The object-relational mapper for .NET

Composite with only a Many-To-One = Bad Idea

I can’t count with one hand, how many times I’ve seen this mapping in my few years of using nhibernate:

  <class name="Profile">
      <key-many-to-one name="User" column="UserId" class="User" />

    <!-- properties -->

The explanation that comes when you ask is almost always:

Well… It is the only way you can use a many-to-one as a primary key.

There are two things that you can see in that quote:

  • The developer found a workaround (and sometimes he is proud)
  • He wants a many to one!


First of all, it is not a many-to-one, because you CAN’T have many profiles for one user. It is not a many-to-one, so we need to find a better way to tell nhibernate what we want.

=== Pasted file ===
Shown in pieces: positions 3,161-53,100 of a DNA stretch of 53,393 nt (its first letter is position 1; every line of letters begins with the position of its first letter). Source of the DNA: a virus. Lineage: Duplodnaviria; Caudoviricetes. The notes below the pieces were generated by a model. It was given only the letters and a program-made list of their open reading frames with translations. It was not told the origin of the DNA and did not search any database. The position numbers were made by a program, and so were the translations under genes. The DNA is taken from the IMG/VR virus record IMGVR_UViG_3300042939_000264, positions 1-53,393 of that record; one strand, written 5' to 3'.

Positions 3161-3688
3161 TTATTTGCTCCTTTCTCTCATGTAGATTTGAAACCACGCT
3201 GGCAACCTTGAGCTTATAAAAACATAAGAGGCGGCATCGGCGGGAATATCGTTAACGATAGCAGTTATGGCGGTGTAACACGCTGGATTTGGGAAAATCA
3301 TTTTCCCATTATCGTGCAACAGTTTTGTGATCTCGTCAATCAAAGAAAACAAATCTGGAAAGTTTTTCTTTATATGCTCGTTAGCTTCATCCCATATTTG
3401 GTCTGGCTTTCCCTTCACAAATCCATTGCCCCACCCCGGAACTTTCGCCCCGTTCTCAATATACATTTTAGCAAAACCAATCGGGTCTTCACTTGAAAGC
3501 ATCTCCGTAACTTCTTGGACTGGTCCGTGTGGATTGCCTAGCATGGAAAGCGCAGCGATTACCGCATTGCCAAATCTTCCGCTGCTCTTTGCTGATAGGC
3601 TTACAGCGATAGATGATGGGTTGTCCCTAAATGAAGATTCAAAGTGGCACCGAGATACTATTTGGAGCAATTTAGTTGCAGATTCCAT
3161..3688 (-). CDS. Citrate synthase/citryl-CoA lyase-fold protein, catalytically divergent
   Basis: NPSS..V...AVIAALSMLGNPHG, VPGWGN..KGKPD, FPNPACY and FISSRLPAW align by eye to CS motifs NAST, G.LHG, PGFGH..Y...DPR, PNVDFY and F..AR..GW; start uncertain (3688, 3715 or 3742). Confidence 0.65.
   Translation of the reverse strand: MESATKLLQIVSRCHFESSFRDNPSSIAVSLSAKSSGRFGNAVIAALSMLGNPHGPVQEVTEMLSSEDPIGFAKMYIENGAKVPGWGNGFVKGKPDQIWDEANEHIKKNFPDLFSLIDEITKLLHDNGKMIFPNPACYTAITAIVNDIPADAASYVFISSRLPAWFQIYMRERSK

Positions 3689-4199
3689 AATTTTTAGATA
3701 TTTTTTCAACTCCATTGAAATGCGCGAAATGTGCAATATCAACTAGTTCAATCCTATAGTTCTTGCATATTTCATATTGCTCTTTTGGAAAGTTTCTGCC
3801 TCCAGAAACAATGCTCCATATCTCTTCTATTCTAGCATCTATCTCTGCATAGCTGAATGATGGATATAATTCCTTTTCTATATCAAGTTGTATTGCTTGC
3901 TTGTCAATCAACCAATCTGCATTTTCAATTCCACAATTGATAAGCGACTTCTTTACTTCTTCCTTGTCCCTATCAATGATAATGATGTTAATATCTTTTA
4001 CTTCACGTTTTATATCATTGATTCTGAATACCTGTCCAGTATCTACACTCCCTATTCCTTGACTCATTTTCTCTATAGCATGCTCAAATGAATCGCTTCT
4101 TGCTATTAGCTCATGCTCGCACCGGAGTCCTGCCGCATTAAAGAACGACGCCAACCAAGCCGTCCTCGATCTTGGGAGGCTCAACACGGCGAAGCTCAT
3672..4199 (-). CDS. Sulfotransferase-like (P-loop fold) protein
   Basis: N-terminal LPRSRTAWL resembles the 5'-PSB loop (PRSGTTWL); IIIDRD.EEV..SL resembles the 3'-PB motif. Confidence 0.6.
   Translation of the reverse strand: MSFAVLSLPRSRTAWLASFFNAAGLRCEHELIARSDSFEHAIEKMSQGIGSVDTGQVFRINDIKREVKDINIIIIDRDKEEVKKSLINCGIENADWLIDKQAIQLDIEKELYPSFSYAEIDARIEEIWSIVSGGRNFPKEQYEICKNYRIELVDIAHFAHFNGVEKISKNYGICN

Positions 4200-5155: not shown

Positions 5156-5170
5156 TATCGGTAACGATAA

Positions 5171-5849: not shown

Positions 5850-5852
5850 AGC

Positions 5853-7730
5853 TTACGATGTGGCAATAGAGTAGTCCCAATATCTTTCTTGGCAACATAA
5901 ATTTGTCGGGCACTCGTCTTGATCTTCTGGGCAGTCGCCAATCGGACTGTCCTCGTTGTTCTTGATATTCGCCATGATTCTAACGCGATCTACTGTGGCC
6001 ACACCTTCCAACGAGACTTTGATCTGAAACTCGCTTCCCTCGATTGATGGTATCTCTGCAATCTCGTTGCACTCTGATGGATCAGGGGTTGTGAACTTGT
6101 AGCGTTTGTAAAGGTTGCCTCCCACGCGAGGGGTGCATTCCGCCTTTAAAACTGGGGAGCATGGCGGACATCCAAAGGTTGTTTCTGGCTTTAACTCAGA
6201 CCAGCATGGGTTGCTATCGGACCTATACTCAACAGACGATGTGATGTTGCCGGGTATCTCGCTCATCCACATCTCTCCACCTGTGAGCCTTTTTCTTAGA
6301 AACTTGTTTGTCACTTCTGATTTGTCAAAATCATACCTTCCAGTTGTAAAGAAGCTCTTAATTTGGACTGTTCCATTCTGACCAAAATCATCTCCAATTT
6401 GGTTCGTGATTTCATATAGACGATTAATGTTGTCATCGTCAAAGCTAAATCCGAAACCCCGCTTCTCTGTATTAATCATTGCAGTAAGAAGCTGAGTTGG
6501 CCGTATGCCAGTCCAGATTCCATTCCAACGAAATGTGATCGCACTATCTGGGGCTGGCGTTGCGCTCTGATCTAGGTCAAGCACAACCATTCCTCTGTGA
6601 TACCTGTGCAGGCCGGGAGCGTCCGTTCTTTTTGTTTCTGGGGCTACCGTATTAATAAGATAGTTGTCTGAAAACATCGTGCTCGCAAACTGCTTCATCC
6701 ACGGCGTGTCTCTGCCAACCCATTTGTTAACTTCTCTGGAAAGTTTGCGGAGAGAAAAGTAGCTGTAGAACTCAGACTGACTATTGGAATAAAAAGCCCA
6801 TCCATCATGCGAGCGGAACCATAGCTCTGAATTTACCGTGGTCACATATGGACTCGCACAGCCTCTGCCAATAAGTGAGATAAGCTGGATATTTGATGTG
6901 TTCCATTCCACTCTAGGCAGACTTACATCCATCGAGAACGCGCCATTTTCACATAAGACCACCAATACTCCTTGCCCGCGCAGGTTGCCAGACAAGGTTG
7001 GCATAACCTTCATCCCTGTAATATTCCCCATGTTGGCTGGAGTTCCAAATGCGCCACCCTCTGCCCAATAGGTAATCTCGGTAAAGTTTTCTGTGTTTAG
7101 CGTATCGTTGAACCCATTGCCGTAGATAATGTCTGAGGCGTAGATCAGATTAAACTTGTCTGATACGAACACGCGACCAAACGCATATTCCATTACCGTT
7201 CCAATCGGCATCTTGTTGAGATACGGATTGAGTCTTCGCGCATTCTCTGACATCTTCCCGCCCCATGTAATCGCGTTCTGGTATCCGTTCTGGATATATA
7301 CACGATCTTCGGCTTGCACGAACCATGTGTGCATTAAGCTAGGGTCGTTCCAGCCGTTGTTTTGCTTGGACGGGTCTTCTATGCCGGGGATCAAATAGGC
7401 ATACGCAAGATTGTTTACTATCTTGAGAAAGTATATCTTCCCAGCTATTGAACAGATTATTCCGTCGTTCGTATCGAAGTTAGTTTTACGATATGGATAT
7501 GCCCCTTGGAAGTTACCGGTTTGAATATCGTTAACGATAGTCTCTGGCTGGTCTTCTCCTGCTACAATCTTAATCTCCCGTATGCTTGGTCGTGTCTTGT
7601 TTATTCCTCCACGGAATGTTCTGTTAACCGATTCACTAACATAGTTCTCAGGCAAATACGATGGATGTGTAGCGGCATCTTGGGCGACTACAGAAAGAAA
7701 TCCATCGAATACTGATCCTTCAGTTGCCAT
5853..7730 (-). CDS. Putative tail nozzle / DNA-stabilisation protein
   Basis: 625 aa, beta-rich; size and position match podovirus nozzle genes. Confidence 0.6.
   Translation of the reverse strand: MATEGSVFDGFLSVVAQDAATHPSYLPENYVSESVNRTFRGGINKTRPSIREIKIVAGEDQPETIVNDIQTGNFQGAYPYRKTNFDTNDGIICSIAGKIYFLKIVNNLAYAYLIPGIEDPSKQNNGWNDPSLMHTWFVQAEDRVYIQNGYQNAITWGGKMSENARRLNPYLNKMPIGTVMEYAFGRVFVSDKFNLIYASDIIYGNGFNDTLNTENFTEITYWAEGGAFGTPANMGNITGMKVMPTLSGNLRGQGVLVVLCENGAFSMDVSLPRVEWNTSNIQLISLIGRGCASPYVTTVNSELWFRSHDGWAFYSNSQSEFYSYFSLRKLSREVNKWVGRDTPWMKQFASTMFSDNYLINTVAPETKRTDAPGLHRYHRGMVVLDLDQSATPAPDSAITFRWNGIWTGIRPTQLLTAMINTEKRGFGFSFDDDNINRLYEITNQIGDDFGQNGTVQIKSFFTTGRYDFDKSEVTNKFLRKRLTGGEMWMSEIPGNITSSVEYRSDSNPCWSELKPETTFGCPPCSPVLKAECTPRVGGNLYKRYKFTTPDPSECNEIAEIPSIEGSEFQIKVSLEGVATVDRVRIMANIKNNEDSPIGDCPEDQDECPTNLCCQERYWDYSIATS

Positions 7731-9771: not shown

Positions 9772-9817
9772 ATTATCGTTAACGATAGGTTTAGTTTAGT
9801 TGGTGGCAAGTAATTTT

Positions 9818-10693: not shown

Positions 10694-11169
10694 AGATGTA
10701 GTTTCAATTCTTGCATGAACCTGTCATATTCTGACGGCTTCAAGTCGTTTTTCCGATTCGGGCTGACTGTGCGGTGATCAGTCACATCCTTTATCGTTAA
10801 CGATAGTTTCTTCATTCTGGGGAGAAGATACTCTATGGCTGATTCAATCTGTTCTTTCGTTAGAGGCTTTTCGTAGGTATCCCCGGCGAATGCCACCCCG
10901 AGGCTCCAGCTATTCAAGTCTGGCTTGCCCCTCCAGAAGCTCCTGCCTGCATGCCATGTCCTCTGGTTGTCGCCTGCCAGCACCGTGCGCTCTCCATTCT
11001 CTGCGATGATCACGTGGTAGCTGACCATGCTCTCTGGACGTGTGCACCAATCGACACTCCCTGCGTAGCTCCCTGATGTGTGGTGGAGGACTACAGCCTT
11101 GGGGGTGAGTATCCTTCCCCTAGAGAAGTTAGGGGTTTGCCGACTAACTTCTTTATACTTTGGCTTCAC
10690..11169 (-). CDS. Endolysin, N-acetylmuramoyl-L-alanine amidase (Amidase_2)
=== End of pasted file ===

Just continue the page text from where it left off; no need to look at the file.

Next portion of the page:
On the other hand, it is not a composite-id if you only have one thing.

This kind of relationship is named “one-to-one” because you have only one profile for only one user. As you can read in the reference documentation ( here ) :

There are two varieties of one-to-one association:

  • primary key associations

  • unique foreign key associations

If we want to have such schema (UserId as the PK) we are talking about the first one.

The mapping is as follow:

  <class name="UserProfile" >
    <id column="Id">
      <generator class="foreign">
        <param name="property">User</param>
    <one-to-one name="User"

And the class is pretty easy too:

public class UserProfile
    public int Id { get; set; }
    public User User { get; set; }
    //other properties

This tell nhibernate to use the id from User when inserting a Profile. There rest is like any other class.

If you want to get an UserProfile, without getting the user, you can execute: session.Get<UserProfile>(userId).

Posted Sat, 08 January 2011 01:54:35 AM by jfromainello
Filed under: mapping

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